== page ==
I’ll remind you that the RunRunLive podcast is ad free and listener supported.  What does that mean? It means you don’t have to listen to me trying to sound sincere about Stamps.com or Audible.. (although, fyi, my MarathonBQ book is on audible) We do have a membership option where you can become a member and as a special thank you, you will get access to member’s only audio. There are book reviews, odd philosophical thoughts, zombie stories and I curate old episodes for you to listen to.  I recently added that guy who cut off is foot so he could keep training and my first call with Geoff Galloway.   “Curated” means I add some introductory comments and edit them up a bit.  So anyhow – become a member so I can keep paying my bills.

 

The RunRunLive podcast is Ad Free and listener supported.  We do this by offering a membership option where members get Access to Exclusive Members Only audio and articles.

  • Member only race reports, essays and other bits just for you!

Links are in the show notes and at RunRunLive.com

Become a member

Section one – The Symptoms of over-training - http://runrunlive.com/over-training-symptoms

Voices of reason – the conversation

Coach Jeff Kline

“Coach” as he is referred to by athletes has been training runners and triathletes globally for 20 years. The Coach is the founder and designer of Daily Fit Book. Although he is fully committed to the development and growth of DFB he will take on athletes of all levels that show a commitment and a strong desire to achieve new dreams and goals.

www.dailyfitbook@gmail.com

https://www.facebook.com/DailyFit22/

@dailyfitbook (twitter)

fitbook2 (instagram)

 

Prsfit@gmail.com

Section two – 10 things about me - http://runrunlive.com/a-little-bit-of-navel-gazing

Outro

Ok my friends you have wound down your training season to the end of 2017 and to the end of episode 4-378 of the RunRunLive Podcast.  Well done.

What have we got going in the new year?  Actually, big things! 

I decided I needed to set myself up with a running goal that was a challenge.  I signed up for the Burning River 100 in July and will chronicle my training for the race.  Yeah, I know I said I’d never do it, but you hear in my conversation with coach that turning point. 

Why not?  I’ve done a lot of stuff in my life but I don’t have a belt buckle.  And, there’s a good chance I’ll fail spectacularly either in my training or in the race itself.  If so are going to set BHAGs you have to have a good chance of failure.  That failure is the stuff that teaches you and forces you out of your comfort zone and forces you to grow.

So, calling all my ultra friends, I’m going to need advice, support and pacers!  Here’s your chance VeganRunningMom, DirtDawg, Cooker, Leadfoot and all the others.  Once in a lifetime opportunity to watch Chris Maddog Russell cry like a baby and soli himself.

In addition to this I’ll be running my 20th Boston marathon.  And, yes, I am qualified.  We’ll have to schedule something fun for that. 

Oh, and I committed to finishing my zombie novel. 

There are some personal and professional goals that you don’t care about that I’ll be chasing as well.  2018 is going to be epic!  (one way or the other)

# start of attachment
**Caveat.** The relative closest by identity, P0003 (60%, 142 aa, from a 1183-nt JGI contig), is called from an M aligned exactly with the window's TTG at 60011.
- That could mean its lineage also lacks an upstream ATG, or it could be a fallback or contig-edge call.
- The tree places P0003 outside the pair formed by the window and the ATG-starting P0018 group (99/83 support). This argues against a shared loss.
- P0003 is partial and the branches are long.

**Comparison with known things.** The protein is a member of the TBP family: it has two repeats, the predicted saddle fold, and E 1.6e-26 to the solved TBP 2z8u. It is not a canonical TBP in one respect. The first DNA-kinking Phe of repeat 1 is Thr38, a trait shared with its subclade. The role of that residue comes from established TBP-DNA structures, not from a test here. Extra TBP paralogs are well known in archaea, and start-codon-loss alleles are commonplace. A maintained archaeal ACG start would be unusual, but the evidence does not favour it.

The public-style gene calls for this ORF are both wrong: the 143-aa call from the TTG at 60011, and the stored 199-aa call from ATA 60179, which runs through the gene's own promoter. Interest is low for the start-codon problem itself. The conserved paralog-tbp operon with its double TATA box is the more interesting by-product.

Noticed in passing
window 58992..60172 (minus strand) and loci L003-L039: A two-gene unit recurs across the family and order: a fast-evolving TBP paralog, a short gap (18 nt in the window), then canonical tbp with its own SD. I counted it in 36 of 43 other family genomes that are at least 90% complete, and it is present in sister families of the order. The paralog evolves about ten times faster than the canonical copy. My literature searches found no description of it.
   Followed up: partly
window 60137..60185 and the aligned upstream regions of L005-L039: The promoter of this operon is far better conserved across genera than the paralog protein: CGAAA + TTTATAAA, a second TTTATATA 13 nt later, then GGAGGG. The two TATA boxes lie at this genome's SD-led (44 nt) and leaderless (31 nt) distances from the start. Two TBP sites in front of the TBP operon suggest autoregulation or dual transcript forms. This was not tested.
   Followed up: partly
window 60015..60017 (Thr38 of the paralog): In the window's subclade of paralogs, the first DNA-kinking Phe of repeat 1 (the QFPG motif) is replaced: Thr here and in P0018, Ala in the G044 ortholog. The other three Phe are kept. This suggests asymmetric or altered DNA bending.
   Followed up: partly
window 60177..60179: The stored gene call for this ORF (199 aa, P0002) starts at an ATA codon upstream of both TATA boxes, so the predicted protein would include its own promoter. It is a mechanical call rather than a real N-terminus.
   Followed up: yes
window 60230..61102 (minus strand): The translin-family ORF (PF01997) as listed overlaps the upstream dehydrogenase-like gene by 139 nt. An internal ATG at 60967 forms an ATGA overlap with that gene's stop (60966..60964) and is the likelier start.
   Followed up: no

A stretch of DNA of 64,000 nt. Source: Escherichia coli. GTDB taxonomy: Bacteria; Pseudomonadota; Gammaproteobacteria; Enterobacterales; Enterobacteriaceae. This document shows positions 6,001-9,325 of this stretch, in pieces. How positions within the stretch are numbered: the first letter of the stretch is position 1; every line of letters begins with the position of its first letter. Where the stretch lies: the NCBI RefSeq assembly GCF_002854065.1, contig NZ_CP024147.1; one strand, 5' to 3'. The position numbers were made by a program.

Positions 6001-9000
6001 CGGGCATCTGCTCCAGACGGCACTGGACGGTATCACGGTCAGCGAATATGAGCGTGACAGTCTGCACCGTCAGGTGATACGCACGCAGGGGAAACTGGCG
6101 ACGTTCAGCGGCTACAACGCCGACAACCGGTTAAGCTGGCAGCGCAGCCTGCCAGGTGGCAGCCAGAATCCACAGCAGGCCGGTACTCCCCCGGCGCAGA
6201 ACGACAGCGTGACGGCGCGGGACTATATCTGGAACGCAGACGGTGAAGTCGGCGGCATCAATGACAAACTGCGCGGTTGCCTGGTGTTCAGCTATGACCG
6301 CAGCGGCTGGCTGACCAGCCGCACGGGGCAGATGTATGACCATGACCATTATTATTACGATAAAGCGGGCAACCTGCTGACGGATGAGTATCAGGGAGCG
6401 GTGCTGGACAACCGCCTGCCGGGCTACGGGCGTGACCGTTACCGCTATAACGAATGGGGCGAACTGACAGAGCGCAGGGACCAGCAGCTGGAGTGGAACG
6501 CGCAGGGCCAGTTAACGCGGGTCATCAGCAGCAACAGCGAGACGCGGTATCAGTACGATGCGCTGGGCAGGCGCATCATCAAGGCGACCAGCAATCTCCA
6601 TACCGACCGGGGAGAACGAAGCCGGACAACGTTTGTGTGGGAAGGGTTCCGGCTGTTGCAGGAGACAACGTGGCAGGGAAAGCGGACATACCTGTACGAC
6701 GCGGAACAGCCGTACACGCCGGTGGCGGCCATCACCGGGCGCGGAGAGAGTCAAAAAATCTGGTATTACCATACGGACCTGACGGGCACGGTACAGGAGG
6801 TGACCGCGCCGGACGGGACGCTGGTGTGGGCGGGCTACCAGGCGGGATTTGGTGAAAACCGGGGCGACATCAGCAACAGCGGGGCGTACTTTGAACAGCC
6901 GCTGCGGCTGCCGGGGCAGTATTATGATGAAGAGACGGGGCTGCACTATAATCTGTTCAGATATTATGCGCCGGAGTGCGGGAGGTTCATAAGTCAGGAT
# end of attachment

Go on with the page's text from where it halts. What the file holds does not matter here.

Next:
But, that’s all in the future.  I’ll be wrapping up my 2017 season with the Groton Marathon.  I’ve got 5 folks who said they were running with me.  We’ll see who shows up because it’s going to be single-digit cold.  But, you know my theory…If you do something truly stupid people will show up.

On the first of the year I’ll run the Hangover Classic with Teresa and then jump into the Atlantic Ocean, because that’s what you do, right? 

And last but not least, I’m kicking off a 30 day Diet reboot on January first with my nutrition coach Rachel.  I’ll be logging my food and stats and blogging about it every day.  I’ll catch up with Rachel each week to review progress.  I’ll probably record those weekly chats and put them up on the podcast feed.  I thought it would be useful for people to hear my/our point of view on clean eating for endurance athletes. 

Think that’s enough?  Another one of my theories is when you have too much to do, schedule more stuff and it will sort itself out!

I’ve been listening to a meditation podcast on the train in the morning called the Meditation Minis podcast.  Episode 2 is about using meditation to clarify your vision, i.e figure out what you want to do.  This is a great exercise to create goals for the new year. 

She walks you into a meditative state.  Then brings you into the future so that you are looking back on your life.  And asks the simple question “What are three things that you wish you had done?” 

I found that context very helpful to sort out the things I’m working on and what is important and what will make a difference. 

Try it.  Don’t put off your dreams.  Put them down on paper and find a way to get them done in 2018.

And I’ll see you out there.

 

 

MarathonBQ – How to Qualify for the Boston Marathon in 14 Weeks - http://www.marathonbq.com/qualify-for-the-boston-marathon-in-14-weeks/

Http://www.marathonbq.com

http://runrunlive.com/my-books

Direct download: epi4378.mp3
Category:general -- posted at: 5:45pm EDT